A preliminary report from a joint U.S.-Italian investigation has cleared American soldiers who wounded Italian journalist Giuliana Sgrena and killed intelligence agent Nicola Calipari:
The investigation found the car was about 130 yards from the checkpoint when the soldiers flashed their lights as a warning to stop. But the car kept coming and, at 90 yards, warning shots were fired. At 65 yards, when the car failed to stop, the soldiers used lethal force — a machine gun burst that killed Calipari and wounded Sgrena and the driver. [NBC News]Senior U.S. military officials insist the soldiers acted properly under the current rules of engagement. But earlier Thursday the reluctance of Italian members of the investigation team to accept the Americans’ conclusions was reported holding up the joint report. American authorities’ have refused to allow Italian investigators to examine the car in which Sgrena was shot. [Scotsman]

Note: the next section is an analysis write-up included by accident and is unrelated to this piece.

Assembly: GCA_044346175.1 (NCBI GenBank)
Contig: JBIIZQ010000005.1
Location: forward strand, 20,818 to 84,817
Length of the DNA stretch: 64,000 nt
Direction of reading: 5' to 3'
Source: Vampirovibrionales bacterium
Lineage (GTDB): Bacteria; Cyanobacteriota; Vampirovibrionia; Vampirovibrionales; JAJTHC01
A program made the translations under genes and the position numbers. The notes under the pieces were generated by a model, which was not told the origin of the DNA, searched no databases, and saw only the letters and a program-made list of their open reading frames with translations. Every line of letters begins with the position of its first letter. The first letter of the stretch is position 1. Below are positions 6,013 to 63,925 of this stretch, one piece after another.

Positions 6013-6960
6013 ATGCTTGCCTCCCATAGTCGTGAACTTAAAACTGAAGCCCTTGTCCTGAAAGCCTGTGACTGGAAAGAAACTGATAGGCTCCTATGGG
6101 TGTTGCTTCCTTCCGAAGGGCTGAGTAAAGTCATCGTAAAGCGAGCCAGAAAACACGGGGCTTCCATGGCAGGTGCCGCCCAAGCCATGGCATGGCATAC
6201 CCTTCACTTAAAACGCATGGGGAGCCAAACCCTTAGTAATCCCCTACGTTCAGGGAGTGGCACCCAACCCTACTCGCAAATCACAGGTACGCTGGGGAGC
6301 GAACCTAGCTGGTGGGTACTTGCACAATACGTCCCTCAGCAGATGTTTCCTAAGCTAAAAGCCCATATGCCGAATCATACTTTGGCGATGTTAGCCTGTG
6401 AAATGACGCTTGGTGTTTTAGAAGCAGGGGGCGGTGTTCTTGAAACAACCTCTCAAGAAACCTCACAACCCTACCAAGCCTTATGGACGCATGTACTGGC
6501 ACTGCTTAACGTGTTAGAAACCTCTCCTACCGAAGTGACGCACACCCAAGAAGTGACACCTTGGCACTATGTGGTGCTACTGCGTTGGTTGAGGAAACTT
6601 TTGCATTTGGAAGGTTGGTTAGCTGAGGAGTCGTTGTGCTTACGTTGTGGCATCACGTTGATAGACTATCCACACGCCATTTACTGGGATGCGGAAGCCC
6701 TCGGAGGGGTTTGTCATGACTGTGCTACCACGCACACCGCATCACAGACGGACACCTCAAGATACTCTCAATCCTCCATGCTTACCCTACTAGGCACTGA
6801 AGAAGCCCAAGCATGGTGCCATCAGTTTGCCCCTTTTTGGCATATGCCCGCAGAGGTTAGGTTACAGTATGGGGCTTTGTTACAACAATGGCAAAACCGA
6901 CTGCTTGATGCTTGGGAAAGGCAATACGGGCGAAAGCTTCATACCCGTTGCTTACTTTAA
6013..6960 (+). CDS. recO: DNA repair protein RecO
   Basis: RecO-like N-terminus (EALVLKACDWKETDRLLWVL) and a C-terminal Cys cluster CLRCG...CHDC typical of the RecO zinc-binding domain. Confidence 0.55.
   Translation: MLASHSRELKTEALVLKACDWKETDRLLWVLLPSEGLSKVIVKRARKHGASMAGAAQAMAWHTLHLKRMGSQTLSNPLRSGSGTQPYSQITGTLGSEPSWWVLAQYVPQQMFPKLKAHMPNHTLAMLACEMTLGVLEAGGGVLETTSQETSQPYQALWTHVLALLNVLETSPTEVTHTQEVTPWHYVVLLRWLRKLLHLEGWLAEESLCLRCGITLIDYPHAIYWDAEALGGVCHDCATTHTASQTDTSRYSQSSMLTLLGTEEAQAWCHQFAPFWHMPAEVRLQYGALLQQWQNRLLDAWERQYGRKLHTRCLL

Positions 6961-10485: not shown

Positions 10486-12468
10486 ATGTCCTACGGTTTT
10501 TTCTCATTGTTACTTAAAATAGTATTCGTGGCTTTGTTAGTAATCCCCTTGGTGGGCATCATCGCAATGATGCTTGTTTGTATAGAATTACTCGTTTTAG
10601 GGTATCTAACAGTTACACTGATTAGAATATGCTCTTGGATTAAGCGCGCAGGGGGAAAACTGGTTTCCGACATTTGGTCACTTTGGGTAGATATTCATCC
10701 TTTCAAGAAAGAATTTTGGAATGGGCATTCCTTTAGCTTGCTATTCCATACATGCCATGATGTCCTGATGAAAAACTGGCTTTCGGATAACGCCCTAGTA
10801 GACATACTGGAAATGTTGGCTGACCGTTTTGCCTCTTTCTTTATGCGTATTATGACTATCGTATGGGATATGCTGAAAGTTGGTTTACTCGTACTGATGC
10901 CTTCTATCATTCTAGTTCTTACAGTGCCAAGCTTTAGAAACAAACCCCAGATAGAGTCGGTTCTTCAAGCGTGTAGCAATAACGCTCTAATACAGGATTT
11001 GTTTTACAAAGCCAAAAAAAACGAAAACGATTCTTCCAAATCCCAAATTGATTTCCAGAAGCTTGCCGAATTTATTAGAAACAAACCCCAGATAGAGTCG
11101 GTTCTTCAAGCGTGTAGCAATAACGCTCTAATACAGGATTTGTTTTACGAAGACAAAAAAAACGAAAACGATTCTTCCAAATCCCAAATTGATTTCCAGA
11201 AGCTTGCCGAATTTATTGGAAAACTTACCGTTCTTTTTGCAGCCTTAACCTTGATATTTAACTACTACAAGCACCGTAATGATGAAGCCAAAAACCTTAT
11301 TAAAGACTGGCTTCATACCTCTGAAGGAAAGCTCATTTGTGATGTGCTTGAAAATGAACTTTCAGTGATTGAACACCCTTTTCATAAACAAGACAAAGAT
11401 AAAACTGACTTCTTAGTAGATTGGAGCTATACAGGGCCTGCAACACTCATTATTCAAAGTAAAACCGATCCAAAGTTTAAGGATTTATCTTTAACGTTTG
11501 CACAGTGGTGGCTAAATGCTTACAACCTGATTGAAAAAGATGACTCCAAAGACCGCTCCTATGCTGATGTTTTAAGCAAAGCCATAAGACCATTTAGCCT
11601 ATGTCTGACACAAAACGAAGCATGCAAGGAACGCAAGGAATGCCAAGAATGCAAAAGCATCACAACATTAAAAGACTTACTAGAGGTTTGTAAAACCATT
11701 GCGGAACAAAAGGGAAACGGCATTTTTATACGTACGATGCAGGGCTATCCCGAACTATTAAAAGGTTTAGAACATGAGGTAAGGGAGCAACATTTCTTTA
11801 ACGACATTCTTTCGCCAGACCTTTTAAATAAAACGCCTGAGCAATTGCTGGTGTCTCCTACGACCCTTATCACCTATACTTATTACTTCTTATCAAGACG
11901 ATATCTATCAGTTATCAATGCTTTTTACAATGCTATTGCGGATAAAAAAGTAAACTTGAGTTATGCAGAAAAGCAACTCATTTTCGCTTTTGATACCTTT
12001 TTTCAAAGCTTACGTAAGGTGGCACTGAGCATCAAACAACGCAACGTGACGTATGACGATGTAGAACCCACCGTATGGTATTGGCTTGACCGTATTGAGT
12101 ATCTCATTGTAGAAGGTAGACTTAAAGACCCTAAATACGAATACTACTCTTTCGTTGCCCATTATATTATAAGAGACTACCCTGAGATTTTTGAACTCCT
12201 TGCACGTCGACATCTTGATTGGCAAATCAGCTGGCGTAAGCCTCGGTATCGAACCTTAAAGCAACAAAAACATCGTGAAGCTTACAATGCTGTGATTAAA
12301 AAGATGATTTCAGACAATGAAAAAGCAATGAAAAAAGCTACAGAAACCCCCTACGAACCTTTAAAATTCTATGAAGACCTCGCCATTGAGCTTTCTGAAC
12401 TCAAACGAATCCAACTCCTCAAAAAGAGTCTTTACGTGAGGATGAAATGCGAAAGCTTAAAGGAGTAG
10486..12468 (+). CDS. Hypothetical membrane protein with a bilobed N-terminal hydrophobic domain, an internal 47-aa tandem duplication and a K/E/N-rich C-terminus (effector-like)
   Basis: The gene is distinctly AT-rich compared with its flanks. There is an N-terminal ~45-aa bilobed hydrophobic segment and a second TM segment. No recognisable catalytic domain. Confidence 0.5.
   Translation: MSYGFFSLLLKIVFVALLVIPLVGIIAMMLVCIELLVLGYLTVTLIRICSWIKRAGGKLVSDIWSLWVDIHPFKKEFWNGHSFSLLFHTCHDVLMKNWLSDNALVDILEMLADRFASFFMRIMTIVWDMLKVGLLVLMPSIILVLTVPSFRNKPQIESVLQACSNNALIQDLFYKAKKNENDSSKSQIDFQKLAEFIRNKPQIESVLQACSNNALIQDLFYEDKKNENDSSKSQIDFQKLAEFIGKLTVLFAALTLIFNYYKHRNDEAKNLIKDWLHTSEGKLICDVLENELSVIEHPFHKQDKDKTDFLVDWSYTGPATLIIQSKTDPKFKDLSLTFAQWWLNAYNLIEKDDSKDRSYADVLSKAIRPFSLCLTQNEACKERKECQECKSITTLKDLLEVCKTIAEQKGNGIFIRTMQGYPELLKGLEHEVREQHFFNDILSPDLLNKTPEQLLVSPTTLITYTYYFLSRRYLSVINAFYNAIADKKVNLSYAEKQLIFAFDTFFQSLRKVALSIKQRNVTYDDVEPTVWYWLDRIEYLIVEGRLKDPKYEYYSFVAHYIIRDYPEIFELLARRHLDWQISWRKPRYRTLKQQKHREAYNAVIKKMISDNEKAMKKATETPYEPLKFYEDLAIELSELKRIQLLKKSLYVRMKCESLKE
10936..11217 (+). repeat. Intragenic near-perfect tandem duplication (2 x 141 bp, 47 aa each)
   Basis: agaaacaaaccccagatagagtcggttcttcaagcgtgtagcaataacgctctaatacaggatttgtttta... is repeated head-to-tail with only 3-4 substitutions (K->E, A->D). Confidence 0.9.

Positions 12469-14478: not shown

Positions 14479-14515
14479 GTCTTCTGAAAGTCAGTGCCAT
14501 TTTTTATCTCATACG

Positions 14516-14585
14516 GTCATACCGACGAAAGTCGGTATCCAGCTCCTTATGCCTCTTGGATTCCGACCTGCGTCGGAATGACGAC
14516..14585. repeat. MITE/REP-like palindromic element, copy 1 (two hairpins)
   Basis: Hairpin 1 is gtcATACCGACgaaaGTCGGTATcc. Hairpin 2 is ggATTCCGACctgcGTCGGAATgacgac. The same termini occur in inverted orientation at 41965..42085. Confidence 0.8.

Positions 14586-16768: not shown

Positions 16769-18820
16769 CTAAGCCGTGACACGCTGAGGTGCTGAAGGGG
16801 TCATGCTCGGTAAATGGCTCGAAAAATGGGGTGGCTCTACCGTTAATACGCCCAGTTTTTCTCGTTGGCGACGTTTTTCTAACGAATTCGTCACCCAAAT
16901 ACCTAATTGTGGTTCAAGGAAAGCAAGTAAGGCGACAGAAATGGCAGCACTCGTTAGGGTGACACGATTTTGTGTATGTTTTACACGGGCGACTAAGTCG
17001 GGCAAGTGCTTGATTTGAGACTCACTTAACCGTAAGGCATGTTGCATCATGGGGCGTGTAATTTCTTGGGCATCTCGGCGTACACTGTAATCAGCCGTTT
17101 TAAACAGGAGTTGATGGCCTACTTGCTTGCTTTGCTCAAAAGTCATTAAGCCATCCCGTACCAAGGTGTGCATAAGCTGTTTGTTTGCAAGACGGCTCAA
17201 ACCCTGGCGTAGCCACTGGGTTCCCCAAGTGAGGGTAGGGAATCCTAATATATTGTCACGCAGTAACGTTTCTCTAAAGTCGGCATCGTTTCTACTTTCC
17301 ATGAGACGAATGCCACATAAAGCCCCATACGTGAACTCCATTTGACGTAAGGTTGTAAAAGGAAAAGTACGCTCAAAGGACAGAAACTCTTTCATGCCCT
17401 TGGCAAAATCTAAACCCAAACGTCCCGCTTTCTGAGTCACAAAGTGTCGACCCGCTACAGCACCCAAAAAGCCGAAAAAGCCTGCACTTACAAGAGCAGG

Sgrena says that as the car rounded a turn, driving no faster than 30 miles an hour, it was hit by gunfire and at the same time, a bright light. She told CBS News the car was not speeding, nor was there any warning:
"I think that is a lie," says Sgrena.Despite the 'dispute' over this issue, at this point the Italians are accepting it was all an 'accident.' For the real story of what happened, see our investigations:
"Let's take this piece by piece," says Pelley. "Vehicle was speeding."
"No," says Sgrena.
"Attempted to warn the driver by hand signals," says Pelley.
"No," says Sgrena.
"Arm signals. Flashing white lights," says Pelley. "Firing warning shots."
"Nothing at all," says Sgrena.
"What you’re saying in this interview is that none of those things happened?" asks Pelley.
"Nothing. No," says Sgrena. "I'm sure."
Part 1: The Sgrena Hit: How They Did It, and Why
Part 2: 'Fall of the Icons' : A Wartime Psyop